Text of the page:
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Taking a Closer Look at the Earth's Three Divisions

Updated on September 8, 2015
Earth's Structural Layers
Earth's Structural Layers

Introduction

The biosphere is the outermost part of the planet’s shell which includes the air, land, surface rocks and water within which life occurs, and wherein biotic processes in turn alter or transform. From the broadest geophysiological point of view, the biosphere is the global ecological system integrating all living beings and their relationships, including their interaction with the elements of the lithosphere (rocks), hydrosphere (water), and atmosphere (air). Our planet Earth is the only place where life is known to exist. This biosphere is postulated to have evolved, beginning through a process of biogenesis or biopoesis, at least some 3.5 billion years ago.

Biomass accounts for about 3.7 kg carbon per square meter of the earth’s surface averaged over land and sea, making a total of about 1900 gigatonnes of carbon.

The tectonic plates of the lithosphere on Earth.
The tectonic plates of the lithosphere on Earth.
The two types of lithosphere
The two types of lithosphere

Lithosphere

What characterizes the lithosphere (from the Greek for “rocky” sphere) is being the solid outermost shell of a rocky planet. On the Earth, the lithosphere includes the crust and the uppermost layer of the mantle (the upper mantle or lower lithosphere), which is joined to the crust.

At the cooling surface layer of the Earth’s convection system, the lithosphere thickens over time. It is fragmented into relatively strong pieces, called tectonic plates, which move independently relative to one another. This movement of lithospheric plates is described as plate tectonics.The distinguishing characteristic of the lithosphere is not composition, but its flow properties. Under the influence of the low-intensity, long-term stresses that drive plate tectonics motions, the lithosphere responds essentially as a rigid shell and thus deforms primarily through brittle failure, whereas the asthenosphere (the layer of the mantle below the lithosphere) is heat-softened and accommodates strain through plastic deformation. Both the crust and upper mantle float on the more plastic asthenosphere. The crust is distinguished from the upper mantle by the change in chemical composition that takes place at the Moho discontinuity.

There are two types of lithosphere:

ð oceanic lithosphere

ð continental lithosphere

Oceanic lithosphere is about 70 km thick (but can be as thin as 1.6 km at the mid-ocean ridges), while continental lithosphere is about 150 km thick (and can be considerably thicker at continental collision zones). Oceanic lithosphere consists mainly of mafic and ultramafic rocks and is denser than continental lithosphere, which consists predominantly of felsic rocks. This higher density has the effect that at subduction zones the oceanic plate will invariably sink underneath the continental plate. New oceanic lithosphere is constantly being produced at mid-ocean ridges from mantle material and is recycled back to the mantle at subduction zones. As a result, oceanic lithosphere is much younger than continental lithosphere: the oldest oceanic lithosphere is about 200 million years old. As oceanic lithosphere grows older, it gets cooler and denser, with the result that if two oceanic plates converge, the older one will subduct below the younger one.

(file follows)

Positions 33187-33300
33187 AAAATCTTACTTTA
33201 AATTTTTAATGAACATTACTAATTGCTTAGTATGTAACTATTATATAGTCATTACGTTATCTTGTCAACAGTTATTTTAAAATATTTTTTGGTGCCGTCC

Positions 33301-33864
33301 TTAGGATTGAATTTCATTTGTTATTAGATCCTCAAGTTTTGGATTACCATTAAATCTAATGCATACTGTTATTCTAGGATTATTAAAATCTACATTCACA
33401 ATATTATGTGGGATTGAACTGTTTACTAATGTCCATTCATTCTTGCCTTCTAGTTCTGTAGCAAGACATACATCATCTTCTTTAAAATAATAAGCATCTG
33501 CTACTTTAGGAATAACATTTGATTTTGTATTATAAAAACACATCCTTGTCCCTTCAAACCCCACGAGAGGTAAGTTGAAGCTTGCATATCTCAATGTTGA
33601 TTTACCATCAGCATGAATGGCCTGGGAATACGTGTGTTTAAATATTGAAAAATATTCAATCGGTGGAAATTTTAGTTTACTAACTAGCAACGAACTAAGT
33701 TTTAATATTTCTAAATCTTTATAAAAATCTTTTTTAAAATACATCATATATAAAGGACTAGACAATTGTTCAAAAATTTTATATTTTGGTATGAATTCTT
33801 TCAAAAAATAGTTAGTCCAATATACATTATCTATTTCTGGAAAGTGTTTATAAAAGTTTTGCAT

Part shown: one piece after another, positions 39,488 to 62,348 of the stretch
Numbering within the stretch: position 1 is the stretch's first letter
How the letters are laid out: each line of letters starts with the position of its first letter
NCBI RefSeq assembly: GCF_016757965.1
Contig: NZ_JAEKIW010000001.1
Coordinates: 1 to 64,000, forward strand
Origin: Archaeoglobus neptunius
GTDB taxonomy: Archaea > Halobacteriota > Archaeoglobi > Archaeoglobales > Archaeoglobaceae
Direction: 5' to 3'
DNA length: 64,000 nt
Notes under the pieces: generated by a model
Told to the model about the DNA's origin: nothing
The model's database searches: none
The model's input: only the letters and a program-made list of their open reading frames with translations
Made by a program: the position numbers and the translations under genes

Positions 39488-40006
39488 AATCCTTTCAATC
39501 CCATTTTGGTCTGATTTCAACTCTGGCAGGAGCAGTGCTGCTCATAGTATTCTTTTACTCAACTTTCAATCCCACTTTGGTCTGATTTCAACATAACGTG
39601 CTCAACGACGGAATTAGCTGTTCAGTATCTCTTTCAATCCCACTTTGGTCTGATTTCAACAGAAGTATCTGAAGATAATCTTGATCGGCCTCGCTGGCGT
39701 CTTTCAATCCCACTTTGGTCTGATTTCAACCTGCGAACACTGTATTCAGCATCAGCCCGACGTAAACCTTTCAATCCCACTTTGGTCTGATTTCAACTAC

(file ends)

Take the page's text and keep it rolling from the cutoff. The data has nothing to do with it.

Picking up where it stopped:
Layers of the Earth

The Earth is made up of four layers. The thin outer layer is called the crust, followed by the hot, partly molten rock, the mantle. Beneath it is the outer core, which is a layer of liquid metal. In the center of the Earth is ball of very hot solid metal called the inner core.

Crust

The crust accounts for only about 0.6% of the planet’s volume. It varies in thickness from 248 miles (40 km) beneath the parts of the continents to only 3.1 miles (5 km) under parts of the ocean floor. It is made up of lighter rock than the outer layers. The temperature of the rocks increases by about 86 degrees Fahrenheit (30 degrees Celsius) for every kilometer under the surface. New crust is being made all the time as molten rock bubbles up through the huge cracks between plates in the ocean floor. There are two kinds of earth’s crust: oceanic crust between the seas and the continental crust beneath the land. The oceanic crust has an average thickness of 3.6 miles (5-9 km) and varies comparatively little throughout the world. Its rocks are highly varied, including volcanic lava flows, huge blocks of granite, and sediments laid down in shallow water when parts of the continents were inundated by the sea. Despite the diversity of materials, the average composition is roughly that of rock granite, and the two most common elements in addition to oxygen are silicon and aluminum. The oceanic crust has the much higher average thickness of 18.5 – 25 miles (30-40 km) and varies much more. It is much more of uniform composition and apart from a thin covering of sediment; it is composed largely of the rock basalt. Aside from oxygen, the most common elements in the oceanic crust are the silicon and aluminum with traces of magnesium.